Bay of Plenty Property Market: A Year of Decline and the Road Ahead
The Bay of Plenty region, a picturesque haven in New Zealand, bore witness to a noticeable dip in its real estate market throughout the past year. The Valocity Value Index, a trusted source for property data, reports a decline in both average residential property values and sales volumes across the region.
Tauranga and Rotorua: A Tale of Two Cities
Tauranga, known for its blue waters and bustling port, saw its average property value drop by 4.2% to $1,090,000 compared to the previous year. This downward shift was accompanied by a 15% decrease in sales. Rotorua, a geo-thermal wonder and cultural hotspot, maintained relatively stable property values at $736,000. However, it experienced a steeper decline in sales volumes, plunging by a staggering 34%.
Western Bay of Plenty and Kawerau: Figures in Decline
The Western Bay of Plenty, a place of natural beauty, wasn’t immune to the market downturn. It reported a 3.5% decrease in property values. Kawerau, a district rich in Maori history, faced the most significant decline with a drop of about 12% in its property values.
The Underlying Causes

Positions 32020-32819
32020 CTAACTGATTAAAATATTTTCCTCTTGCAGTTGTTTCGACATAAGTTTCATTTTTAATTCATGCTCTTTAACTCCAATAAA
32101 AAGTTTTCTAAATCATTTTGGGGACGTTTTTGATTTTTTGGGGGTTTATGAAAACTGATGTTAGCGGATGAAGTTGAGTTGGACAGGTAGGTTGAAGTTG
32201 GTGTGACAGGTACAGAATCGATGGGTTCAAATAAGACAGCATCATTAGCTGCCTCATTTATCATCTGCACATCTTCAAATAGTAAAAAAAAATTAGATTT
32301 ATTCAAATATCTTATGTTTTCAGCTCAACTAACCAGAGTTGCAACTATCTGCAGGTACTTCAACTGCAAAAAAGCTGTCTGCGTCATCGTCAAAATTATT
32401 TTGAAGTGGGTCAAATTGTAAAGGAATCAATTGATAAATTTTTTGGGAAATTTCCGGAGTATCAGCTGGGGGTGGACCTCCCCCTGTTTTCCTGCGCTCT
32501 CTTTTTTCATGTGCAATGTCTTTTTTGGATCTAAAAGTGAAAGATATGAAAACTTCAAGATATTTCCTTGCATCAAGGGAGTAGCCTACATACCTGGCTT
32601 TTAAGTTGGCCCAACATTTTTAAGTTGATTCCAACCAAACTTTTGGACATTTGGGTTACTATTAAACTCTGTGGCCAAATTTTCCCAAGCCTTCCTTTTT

The downturn in the Bay of Plenty real estate market can be attributed to high interest rates and the uncertainty surrounding the 2023 general election. These factors significantly impacted investors, resulting in their retreat from the market and a subsequent decrease in transaction volumes.
The Outlook for 2024
Despite the rather bleak picture painted by these figures, real estate professionals predict a gradual improvement in 2024. They anticipate first-home buyers and those looking to trade up to become the primary market drivers. High-value sales have started to emerge, with two properties fetching over $7 million each. Real estate experts agree that while 2023 posed challenges due to rising interest rates and tightened budgets, the post-election phase has seen a slight upturn in market activity.
Signs of potential relief for the housing market have already started to surface. Banks like ANZ have recently lowered their mortgage rates, while ASB economists predict an Official Cash Rate (OCR) cut in August 2024. The real estate sector expresses cautious optimism for 2024, expecting stable prices and increased activity, though not a boom.